Table 2 Schedule of enrolment, intervention, and assessments (SPIRIT figure)

Sample size

We adopt a prior power analysis using the GPower employing the statistical test of the mean difference between two different groups. We set the level of significance at 0.05, the power at 0.8, and the allocation ratio between the two groups at 1:1. To estimate the effects, we refer to a similar pilot trial examining the effect of an intergenerational mentoring programme [43]. The effect size (i.e. Cohen’s d) of the study of the intervention on the primary outcome (i.e. well-being) was 0.5. A sample size of 102 participants is needed. We adopt Hemming’s method to adjust the sample size required under individual randomization for cluster RCT with fixed and equal-sized number clusters [44]. Considering that we will collect data in 6 clusters and assuming that the intra-cluster correlation coefficient (ICC) is 0.01, the estimated total sample size is 244 (i.e. 122 per arm). We assume that the drop-out rate is approximately 20%. A total sample of 292 is estimated, with 146 participants in each arm.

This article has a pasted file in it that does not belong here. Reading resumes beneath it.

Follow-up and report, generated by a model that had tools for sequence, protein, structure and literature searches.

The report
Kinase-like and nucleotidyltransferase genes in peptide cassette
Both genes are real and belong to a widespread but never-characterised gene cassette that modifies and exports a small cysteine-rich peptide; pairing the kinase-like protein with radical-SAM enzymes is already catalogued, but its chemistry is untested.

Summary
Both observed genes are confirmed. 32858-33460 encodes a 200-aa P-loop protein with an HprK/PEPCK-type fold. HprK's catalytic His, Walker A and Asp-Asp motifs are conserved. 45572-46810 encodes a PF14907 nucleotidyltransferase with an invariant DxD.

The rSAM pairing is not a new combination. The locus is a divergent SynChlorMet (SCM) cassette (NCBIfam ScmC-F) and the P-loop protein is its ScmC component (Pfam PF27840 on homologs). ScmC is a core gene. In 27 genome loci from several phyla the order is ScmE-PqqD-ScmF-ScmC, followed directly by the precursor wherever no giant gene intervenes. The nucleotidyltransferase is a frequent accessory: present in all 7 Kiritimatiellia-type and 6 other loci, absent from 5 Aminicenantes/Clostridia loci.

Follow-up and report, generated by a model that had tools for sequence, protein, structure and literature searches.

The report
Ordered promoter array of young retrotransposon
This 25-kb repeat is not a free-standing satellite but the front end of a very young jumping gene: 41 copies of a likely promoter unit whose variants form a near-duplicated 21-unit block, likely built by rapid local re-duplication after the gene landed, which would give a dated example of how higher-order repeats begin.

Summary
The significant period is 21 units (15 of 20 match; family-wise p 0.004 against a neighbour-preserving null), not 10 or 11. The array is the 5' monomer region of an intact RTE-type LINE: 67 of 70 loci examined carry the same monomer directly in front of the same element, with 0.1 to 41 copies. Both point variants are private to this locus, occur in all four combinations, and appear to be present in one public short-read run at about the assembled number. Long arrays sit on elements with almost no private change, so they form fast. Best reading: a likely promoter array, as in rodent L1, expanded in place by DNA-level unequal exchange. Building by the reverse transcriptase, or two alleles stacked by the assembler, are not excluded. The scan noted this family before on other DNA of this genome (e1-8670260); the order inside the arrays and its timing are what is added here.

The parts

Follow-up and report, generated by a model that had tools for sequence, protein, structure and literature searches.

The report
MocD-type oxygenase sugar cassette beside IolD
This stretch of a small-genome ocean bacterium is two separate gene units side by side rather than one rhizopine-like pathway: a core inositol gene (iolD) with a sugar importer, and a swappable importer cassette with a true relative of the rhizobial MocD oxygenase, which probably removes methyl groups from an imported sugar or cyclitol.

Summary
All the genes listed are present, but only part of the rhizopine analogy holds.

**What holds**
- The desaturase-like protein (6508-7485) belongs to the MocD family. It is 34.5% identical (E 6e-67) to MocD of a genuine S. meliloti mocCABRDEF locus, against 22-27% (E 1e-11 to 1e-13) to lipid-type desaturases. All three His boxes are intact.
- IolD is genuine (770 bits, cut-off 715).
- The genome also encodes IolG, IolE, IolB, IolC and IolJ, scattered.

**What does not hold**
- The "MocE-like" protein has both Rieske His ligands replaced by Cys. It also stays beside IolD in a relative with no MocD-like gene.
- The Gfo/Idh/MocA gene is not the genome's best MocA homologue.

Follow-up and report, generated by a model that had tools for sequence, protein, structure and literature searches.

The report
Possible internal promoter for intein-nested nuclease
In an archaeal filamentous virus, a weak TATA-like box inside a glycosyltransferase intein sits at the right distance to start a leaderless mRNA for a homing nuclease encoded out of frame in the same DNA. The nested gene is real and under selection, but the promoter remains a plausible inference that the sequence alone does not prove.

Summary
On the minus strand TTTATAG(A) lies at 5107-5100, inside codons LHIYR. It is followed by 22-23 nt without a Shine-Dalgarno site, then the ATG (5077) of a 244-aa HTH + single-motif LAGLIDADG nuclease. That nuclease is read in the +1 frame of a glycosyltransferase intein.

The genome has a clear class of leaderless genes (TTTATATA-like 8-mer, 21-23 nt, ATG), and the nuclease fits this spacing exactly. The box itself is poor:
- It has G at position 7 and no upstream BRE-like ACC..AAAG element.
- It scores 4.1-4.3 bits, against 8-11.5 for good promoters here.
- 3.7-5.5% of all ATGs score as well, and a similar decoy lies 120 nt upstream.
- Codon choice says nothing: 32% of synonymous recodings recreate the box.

Promotional seminars and booths will be conducted in the facilities for older adults (e.g. community centres for older adults, residential care homes for older adults) and tertiary institutions. In the seminars, participants will be directly recruited. The programme will be introduced to collaborative organizations. Both printed and electronic posters will be produced and sent to the members of the collaborative organizations. The staff members of the collaborative organizations will help recruit their members to participate in this project. The estimated rate of recruitment is 90% because most of the participants could fulfil the eligibility criteria and they self-enrol to participate after reading the information that they are highly likely to give consent to participate in the study.